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Pop culture obsessives writing for the pop culture obsessed.

Join Guillermo Del Toro, Rian Johnson, Ari Aster, and more for a quarantine pop culture chat on Twitter

Illustration for article titled Join Guillermo Del Toro, Rian Johnson, Ari Aster, and more for a quarantine pop culture chat on Twitter
Photo: Jason LaVeris (Getty Images)

Pop culture’s been a lifesaver in These Times, with our mandated indoor hours giving us the opportunity to catch up on the movies, prestige shows, and horny trash we may otherwise have overlooked. If you’re looking for more recommendations to round out your consumption, an impressive array of famed directors are currently convening on Twitter to unpack what they’ve been watching and reading.

The Shape Of Water’s Guillermo del Toro organized the chat, which will also include Jordan Peele, Edgar Wright, James Mangold, Rian Johnson, and Scott Derrickson, as well as Ava DuVernay, Brad Bird, Joe Dante, Ari Aster, Issa López, and Lexi Alexander. In other words, this is basically a meeting of our generation’s greatest purveyors of cinematic genre.

Del Toro invites one and all to join in, but to “keep talking about films to a minimum,” so, please, no harping about fish-fucking. Del Toro adds, “I hope this can be about things we love. Not about things we hate or things we are weighed down about.”


Del Toro kicked things off by riffing on Aldous Huxley’s The Devils Of Loudon, which he describes as “INCREDIBLY pertinent to what we are going through” for its exploration of “how autonomy can be destroyed in times of crisis.” He rides for work by William Lindsay Gresham, who wrote the source material for Del Toro’s next film, Nightmare Alley, and also recommends films by Gustaf Molander, Ermanno Olmi, and Portrait Of A Lady On Fire’s Céline Sciamma.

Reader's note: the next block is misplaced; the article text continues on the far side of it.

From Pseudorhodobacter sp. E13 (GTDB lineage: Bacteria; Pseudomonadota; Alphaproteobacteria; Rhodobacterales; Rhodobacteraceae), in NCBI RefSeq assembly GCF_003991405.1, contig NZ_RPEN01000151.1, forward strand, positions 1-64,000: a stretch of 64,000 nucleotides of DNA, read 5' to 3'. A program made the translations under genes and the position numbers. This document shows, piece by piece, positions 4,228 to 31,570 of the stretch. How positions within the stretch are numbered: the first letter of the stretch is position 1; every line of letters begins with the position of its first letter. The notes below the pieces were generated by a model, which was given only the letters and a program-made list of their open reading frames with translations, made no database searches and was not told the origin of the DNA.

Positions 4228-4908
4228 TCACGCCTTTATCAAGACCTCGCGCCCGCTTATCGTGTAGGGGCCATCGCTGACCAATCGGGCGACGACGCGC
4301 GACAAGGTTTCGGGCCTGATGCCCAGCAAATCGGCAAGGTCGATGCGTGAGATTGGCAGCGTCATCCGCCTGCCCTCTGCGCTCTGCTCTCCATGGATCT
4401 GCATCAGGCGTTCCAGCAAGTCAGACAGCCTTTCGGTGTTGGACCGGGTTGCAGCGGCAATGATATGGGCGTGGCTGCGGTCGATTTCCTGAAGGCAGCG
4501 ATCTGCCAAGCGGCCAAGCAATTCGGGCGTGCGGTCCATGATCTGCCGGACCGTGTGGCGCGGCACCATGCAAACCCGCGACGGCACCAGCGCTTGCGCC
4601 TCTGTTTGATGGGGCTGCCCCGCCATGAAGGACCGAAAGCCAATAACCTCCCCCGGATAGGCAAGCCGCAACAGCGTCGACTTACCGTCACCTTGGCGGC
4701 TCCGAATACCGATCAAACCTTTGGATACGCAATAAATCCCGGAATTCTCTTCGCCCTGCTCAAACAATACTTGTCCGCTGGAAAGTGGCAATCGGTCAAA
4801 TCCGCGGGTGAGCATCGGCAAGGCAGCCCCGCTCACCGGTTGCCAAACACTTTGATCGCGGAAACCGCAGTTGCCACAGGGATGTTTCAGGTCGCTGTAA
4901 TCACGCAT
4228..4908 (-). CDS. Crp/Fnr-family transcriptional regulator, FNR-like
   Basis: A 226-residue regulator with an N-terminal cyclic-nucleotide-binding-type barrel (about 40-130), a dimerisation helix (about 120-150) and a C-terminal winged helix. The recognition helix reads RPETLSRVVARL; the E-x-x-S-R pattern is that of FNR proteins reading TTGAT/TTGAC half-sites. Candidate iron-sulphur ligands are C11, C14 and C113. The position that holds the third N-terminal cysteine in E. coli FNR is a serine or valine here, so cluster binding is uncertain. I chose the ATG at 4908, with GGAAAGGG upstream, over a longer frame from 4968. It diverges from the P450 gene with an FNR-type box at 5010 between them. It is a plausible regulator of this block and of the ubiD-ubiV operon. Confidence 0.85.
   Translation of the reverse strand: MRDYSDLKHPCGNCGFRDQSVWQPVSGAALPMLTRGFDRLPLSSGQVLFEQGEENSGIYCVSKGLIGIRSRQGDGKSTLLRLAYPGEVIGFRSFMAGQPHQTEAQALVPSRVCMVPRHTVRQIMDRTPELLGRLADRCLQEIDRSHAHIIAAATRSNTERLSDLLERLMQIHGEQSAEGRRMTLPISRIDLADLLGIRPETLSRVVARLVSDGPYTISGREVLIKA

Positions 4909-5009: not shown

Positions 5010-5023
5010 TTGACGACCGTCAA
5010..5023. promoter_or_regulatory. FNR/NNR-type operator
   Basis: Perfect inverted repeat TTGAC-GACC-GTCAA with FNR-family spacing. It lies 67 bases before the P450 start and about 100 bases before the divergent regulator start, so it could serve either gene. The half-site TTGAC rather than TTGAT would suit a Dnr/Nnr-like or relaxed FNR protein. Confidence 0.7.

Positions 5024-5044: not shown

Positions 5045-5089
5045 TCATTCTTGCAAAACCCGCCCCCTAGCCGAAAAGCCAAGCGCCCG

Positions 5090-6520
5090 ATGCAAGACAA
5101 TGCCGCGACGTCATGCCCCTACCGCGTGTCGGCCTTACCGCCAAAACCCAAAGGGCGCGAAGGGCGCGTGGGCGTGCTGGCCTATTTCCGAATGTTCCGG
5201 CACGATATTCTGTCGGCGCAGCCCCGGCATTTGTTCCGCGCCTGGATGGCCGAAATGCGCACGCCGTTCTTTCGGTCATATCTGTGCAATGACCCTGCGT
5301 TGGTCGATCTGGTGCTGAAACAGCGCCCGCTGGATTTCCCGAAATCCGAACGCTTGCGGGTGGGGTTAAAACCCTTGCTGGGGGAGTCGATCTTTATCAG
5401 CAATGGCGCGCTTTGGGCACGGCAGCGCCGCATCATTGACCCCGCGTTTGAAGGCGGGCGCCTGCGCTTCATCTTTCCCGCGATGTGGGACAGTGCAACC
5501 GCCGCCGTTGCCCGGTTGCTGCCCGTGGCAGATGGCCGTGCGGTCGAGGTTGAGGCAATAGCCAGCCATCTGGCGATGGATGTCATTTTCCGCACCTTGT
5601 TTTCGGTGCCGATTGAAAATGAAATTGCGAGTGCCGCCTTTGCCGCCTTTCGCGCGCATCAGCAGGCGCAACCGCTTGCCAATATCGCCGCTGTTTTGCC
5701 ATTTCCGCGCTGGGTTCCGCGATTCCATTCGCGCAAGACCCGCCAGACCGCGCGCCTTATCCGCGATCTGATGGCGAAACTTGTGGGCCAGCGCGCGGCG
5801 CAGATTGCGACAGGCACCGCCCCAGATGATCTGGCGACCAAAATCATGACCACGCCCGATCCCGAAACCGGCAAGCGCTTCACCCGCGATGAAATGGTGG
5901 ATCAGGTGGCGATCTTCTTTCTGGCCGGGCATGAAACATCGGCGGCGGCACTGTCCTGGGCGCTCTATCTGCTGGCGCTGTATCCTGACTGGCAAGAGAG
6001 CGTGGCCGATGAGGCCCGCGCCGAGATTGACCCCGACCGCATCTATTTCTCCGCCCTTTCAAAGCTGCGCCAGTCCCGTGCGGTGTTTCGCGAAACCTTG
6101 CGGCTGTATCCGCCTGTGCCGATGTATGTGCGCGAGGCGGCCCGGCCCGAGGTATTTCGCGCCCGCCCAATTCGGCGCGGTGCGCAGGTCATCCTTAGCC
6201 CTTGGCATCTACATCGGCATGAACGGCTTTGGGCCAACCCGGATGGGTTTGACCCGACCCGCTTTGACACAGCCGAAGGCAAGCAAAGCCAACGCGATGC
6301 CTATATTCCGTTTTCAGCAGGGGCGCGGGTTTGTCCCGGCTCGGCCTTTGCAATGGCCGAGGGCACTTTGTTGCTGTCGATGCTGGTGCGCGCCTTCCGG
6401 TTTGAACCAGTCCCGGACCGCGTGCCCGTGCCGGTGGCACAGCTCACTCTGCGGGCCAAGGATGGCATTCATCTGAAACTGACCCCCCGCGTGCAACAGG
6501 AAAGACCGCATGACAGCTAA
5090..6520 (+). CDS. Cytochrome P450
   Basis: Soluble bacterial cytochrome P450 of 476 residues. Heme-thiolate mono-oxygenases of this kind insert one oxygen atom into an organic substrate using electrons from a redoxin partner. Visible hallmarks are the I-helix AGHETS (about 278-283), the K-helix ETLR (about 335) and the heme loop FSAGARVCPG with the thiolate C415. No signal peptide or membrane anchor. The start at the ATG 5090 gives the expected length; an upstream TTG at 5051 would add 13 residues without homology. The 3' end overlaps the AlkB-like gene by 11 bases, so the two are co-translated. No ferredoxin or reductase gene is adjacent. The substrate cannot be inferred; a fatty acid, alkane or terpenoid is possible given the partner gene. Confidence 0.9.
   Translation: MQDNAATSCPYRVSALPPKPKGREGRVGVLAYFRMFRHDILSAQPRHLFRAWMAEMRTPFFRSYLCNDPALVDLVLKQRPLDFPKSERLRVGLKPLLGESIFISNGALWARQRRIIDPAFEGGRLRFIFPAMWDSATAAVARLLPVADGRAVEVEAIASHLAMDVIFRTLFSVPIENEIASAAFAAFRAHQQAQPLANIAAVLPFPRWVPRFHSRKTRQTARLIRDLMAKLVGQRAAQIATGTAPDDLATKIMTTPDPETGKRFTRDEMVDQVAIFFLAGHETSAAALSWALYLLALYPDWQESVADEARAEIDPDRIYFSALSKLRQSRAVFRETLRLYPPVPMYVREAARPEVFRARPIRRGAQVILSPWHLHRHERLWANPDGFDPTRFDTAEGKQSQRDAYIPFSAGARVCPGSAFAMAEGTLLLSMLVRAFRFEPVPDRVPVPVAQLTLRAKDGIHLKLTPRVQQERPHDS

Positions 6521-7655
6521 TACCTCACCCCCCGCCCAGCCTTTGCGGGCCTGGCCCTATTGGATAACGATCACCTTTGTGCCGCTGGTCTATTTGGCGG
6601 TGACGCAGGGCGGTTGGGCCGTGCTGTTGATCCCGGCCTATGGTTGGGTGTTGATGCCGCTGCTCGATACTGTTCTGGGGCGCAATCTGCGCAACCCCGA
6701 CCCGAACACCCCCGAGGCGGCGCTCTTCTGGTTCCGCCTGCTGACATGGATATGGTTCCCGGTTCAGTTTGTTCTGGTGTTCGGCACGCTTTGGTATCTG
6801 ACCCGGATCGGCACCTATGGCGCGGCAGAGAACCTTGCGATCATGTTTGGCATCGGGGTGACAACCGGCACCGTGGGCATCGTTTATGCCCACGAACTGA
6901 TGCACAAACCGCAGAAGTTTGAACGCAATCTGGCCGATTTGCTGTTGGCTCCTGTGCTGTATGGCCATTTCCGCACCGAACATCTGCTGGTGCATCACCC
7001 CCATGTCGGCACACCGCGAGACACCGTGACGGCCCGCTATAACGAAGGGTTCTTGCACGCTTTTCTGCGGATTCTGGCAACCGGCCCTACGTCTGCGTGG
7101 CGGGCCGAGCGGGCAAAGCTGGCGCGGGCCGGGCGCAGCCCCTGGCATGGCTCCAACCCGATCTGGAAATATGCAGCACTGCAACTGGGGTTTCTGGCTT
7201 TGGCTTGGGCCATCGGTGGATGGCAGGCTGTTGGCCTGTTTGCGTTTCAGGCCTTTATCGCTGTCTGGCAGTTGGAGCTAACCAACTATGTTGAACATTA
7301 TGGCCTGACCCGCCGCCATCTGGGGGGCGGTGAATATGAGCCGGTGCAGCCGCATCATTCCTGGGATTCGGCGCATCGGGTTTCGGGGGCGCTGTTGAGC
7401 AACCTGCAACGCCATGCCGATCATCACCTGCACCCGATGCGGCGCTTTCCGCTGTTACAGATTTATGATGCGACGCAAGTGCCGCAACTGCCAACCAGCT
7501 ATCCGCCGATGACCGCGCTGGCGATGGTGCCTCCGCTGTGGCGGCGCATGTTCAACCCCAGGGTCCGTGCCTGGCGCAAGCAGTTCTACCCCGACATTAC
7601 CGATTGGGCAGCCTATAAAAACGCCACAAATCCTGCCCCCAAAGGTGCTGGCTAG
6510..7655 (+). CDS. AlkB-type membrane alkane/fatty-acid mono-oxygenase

Other highlights:

  • Johnson’s thoughts on his revisiting of Robert Altman’s 3 Women. “I had always imagined this was an impenetrable artsy slog... it is insane and hilarious, and ultimately touching,” he says.
  • DuVernay hopping between the Béla Tarr’s punishing The Turin Horse and the frothy Notting Hill. For all its explorations of death and decay, however, DuVernay says The Turin Horse has become a movie she plays over and over again. “I find it comforting,” she says. “Like we’re all in the house together. Wild.”
  • Hereditary and Midsommar director Ari Aster revealing he’s been rewatching the third season of The Sopranos, which he describes as “a supreme work of art.” He also recommends Reds on Amazon Prime, which, he says, “as a single person makes me want to cut off my hands and replace them with my feet (also a comfort in these trying times).”

The conversation continues to rage on, with more and more filmmakers popping in to say hello and shoot the shit. Hop onto Twitter to join in.

Send Great Job, Internet tips to gji@theonion.com


Randall Colburn is The A.V. Club's Internet Culture Editor. He lives in Chicago, occasionally writes plays, and was a talking head in Best Worst Movie, the documentary about Troll 2.

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